A ‘reference set’ is a sub-sample of existing germplasm collections that facilitates and enables access to existing crop diversity for desired traits, such as drought tolerance or resistance to disease or pests.
While germplasm banks may have been originally conceived purely for conservation, breeders now realise the high value of also studying these collections and how they perform in different conditions, because genetic variation allows plans to adapt and blossom in harsh environments. For this reason, collections of crops and their wild cousins are a valuable source of new genes for agriculture. To bring this diversity down from the shelf for breeding, in Phase I (2004–2008), GCP-supported researchers analysed naturally occurring genetic diversity for 19 important food crops.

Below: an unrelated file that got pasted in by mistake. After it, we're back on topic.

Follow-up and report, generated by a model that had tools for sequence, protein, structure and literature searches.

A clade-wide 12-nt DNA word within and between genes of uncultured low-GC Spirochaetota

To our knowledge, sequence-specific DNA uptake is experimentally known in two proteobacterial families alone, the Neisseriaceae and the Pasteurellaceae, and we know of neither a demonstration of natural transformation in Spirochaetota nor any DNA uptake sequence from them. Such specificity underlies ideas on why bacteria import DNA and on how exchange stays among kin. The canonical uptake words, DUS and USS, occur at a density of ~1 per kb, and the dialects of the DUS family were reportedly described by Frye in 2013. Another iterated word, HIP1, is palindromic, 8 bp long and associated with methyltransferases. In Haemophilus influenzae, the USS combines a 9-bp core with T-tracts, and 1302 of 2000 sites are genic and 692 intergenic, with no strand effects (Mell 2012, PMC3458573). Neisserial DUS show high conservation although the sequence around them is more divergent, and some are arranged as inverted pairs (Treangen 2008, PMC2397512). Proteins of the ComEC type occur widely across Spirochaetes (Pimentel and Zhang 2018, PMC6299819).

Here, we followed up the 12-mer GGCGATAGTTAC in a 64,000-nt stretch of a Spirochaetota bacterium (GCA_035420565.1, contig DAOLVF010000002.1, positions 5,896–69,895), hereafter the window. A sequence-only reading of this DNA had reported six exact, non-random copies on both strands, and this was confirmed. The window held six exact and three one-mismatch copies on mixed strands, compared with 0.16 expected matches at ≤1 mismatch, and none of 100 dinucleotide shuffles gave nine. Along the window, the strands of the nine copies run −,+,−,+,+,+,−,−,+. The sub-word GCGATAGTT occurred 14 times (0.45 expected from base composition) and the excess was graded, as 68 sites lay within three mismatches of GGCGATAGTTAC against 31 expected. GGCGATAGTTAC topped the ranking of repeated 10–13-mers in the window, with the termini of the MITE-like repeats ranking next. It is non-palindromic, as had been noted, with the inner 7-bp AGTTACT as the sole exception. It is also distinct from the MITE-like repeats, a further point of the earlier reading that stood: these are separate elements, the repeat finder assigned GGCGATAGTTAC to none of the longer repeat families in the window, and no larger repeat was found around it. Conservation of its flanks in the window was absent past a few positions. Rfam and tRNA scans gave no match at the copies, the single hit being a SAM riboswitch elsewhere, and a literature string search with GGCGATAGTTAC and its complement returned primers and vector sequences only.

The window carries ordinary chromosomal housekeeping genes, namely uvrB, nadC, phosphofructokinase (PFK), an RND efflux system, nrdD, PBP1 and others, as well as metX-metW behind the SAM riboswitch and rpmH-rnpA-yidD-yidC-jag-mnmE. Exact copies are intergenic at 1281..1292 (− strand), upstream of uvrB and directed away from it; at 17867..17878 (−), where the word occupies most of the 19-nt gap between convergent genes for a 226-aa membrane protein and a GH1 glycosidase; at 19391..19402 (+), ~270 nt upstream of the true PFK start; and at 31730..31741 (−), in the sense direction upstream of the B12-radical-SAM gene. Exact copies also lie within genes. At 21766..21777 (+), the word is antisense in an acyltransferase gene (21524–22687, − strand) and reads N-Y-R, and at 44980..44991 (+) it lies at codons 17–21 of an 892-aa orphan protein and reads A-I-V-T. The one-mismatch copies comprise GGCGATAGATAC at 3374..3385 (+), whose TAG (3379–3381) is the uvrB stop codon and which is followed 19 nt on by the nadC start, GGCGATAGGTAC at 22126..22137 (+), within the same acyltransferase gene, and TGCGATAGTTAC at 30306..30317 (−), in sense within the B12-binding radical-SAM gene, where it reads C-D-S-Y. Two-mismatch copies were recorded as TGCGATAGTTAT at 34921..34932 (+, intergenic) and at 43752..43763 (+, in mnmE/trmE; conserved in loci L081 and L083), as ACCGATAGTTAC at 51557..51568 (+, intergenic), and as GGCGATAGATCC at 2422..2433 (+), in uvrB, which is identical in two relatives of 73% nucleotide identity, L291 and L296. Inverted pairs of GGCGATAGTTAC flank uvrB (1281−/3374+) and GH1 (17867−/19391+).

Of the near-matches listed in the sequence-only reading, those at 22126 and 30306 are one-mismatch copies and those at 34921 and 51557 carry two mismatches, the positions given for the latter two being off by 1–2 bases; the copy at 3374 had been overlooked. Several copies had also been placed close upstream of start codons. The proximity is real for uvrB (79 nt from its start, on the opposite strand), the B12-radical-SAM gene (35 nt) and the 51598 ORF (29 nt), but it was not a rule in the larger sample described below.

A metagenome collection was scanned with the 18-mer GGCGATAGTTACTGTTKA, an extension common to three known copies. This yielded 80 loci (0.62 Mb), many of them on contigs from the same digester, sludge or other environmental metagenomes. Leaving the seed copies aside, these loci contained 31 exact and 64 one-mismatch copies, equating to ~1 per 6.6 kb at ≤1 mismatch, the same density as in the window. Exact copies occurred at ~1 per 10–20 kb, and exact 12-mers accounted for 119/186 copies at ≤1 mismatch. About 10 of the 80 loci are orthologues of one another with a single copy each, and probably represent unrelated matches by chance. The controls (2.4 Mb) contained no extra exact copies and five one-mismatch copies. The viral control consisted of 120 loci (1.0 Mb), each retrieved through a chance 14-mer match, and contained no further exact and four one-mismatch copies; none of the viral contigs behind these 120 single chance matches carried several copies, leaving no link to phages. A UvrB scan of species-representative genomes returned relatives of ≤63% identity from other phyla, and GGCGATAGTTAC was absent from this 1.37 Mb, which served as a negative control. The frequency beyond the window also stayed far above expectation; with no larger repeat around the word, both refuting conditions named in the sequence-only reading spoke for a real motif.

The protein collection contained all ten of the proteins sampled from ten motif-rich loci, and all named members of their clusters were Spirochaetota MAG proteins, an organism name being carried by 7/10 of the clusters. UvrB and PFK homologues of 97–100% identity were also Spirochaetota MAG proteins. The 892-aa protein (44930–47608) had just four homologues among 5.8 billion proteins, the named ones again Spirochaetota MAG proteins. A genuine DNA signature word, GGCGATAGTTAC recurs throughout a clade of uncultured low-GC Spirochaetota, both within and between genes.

For more details see ‘Our history’ as well as the and brochure below.